But there was surprisingly little of that at this conference and there were a decent number of speakers worth writing home about — or at least blogging about — and that is exactly what I will be doing over the next week.  I am going to lead with my favorite speaker of the conference, Kevin R. Brown, Nike’s Director of Global Brand Protection. I knew I was going to like Mr. Brown’s speech from the get go when he started out by saying his bias is to always see the glass as half full, as I have that same predilection.  I ended up agreeing with nearly everything he said, and found many corollaries to an article I wrote a long time ago called “Four Essential Principles for Emerging Market Success.”

Mr. Brown candidly admitted that Nike’s first four years trying to protect Nike’s IP in China were hell, but he said that after he sought help from a Chinese national at Nike around six years ago, things got decidedly better.  He emphasized that if you do things the right way in China, you can achieve success in protecting your IP there.

Brown then put up a PowerPoint slide that asked the question, “How do I swim in this river?”  He answered it by saying:

  1. Learn the system
  2. Be the system
  3. Out-system the system

My admittedly personalized and overly interpretive view on what Mr. Brown is saying here (and please remember I am a lawyer, not a Zen master) is as follows:

  1. China is not the United States.
  2. Do not expect China to be the United States.
  3. Get used to China not being the United States.
  4. China not being the United States does not make it bad, just different.
  5. You can do things the U.S. way in China and fail, or you can work within the system for success.
  6. Learn all you can about the Chinese system.
  7. Work within the Chinese system.

Mr. Brown then talked about the need for humility. He put up a PowerPoint image saying “It is honorable in China to downplay your leverage and work within the system” and “This is not something that comes naturally to most companies.”  He talked about how Nike does not play up its role as a big company.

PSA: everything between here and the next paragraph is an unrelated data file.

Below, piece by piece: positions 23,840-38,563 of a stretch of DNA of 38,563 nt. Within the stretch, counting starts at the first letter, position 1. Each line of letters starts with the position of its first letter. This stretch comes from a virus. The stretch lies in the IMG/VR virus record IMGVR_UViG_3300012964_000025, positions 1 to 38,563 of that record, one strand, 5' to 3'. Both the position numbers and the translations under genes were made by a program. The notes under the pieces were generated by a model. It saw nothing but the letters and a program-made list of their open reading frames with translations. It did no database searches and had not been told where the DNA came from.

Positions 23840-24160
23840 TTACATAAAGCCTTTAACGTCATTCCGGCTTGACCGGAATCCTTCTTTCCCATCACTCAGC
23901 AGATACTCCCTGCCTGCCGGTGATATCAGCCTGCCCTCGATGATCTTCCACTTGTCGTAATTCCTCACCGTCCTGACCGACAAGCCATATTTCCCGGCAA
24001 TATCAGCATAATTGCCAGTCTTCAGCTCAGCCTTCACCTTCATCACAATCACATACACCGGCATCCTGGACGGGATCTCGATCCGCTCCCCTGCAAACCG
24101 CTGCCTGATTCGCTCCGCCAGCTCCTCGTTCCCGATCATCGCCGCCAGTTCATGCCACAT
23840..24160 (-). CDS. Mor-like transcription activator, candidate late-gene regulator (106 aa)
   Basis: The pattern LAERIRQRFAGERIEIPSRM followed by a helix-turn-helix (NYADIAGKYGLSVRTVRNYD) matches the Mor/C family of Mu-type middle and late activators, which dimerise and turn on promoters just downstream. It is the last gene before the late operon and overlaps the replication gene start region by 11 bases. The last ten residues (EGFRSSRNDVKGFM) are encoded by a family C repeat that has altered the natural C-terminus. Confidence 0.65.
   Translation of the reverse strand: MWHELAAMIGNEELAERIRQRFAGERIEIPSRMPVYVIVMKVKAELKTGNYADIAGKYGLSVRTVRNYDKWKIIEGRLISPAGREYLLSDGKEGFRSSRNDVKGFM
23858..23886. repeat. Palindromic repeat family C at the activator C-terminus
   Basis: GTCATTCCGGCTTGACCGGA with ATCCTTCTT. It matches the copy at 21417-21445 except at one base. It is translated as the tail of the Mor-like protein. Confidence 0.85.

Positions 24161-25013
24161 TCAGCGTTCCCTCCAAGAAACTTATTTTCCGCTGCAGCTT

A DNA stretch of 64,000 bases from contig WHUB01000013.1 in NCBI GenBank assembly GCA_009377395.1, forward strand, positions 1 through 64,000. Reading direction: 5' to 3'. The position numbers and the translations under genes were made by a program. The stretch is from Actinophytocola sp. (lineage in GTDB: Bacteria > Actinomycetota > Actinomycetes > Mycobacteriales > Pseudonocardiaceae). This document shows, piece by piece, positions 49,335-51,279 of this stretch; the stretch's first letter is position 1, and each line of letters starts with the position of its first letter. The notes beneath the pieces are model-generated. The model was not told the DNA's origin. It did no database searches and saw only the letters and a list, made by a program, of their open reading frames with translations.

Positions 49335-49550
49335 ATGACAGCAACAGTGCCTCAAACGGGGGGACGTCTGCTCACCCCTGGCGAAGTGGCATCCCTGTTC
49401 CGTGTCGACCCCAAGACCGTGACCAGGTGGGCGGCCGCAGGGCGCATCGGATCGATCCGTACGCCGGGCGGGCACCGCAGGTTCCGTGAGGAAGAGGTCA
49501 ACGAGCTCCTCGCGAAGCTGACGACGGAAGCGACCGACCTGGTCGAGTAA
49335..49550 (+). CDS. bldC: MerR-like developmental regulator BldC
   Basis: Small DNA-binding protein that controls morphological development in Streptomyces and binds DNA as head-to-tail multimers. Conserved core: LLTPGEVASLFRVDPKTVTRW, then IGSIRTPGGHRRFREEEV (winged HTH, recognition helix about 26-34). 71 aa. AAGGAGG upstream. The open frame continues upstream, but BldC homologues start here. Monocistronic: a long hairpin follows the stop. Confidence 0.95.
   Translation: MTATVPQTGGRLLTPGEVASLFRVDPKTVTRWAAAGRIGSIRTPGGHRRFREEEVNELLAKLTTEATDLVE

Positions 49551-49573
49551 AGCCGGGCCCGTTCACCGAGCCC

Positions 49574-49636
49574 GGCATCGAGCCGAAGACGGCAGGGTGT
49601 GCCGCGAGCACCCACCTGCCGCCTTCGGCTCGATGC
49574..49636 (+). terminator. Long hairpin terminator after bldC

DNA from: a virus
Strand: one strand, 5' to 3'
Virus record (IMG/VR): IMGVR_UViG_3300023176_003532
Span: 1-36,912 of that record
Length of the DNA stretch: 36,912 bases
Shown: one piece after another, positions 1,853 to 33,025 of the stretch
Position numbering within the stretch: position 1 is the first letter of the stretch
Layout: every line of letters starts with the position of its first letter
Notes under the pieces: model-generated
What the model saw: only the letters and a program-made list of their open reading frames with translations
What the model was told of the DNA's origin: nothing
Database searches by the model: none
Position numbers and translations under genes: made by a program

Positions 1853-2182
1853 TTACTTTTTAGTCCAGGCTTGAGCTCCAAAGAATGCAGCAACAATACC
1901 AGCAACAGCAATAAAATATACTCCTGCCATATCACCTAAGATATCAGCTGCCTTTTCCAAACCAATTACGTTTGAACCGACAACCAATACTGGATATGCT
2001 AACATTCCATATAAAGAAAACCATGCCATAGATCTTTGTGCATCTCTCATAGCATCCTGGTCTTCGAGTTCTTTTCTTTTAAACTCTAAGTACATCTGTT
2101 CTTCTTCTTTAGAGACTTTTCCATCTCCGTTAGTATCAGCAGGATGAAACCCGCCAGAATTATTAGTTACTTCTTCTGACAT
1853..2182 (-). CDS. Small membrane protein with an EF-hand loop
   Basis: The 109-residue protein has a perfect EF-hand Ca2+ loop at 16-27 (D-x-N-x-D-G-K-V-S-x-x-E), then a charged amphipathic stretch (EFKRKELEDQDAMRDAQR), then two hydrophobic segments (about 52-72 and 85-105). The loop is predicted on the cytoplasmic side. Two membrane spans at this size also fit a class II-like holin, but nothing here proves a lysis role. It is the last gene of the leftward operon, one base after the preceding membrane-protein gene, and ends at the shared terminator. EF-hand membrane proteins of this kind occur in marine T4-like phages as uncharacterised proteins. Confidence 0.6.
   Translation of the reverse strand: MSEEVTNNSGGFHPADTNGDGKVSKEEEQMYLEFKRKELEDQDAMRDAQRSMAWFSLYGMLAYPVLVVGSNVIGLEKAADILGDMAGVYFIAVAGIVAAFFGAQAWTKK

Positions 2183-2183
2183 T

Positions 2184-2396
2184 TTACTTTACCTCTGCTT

He then flashed the following sentence/image:

The Role of Green Tea

Mr. Brown talked about how he gets things done in China by drinking green tea and chatting with government officials.  He then said if you are not willing to drink green tea, send someone from your company who is.

He then gave concrete examples of instances where the Chinese government had worked with Nike to eradicate counterfeiting operations, including in one case going onto a Chinese naval base to shut down an operation led by the officers and their wives.  The lead officer involved in the counterfeiting soon thereafter took “early retirement.”

Mr. Brown put up an image showing the following fake Nike seizures by the Chinese government in 2006:

  • 1,049,000 pairs of shoes
  • 371,460 pieces of apparel
  • 98,672 sports bags/backpacks
  • 354,427 pairs of socks

Mr. Brown then extolled the virtues of working with Chinese customs and talked of Nike’s successes by doing so.  If you register your trademark in China, alert Chinese customs to that registration and provide customs with information on your product, Chinese customs will contact you if it sees possible counterfeits of your product going in or out of China.  Mr. Brown then mentioned that in Canada neither the importation nor the exportation of counterfeit product is illegal; only the sale of such products is.

Mr. Brown talked about how most of the Chinese governmental officials with whom he deals genuinely want to do a good job.  He said giving them recognition for a job well done — and not seeking to bribe them — is the best strategy.  “Face” is of greater importance to a Chinese government official than money.

In my next post, I will give my own views on Mr. Brown’s talk.

On a somewhat related note, Microsoft last week filed 26 piracy lawsuits in the United States.  I mention this because I did not see a single article on these lawsuits mentioning how the United States government is not doing enough to stop piracy.  The reason for this is that the prevailing view in the United States is that the company, not the government, is primarily charged with protecting its own IP.  More companies need to take that same view regarding China.  Waiting for the government to protect your company’s IP rights is not the way to go in either the United States or China.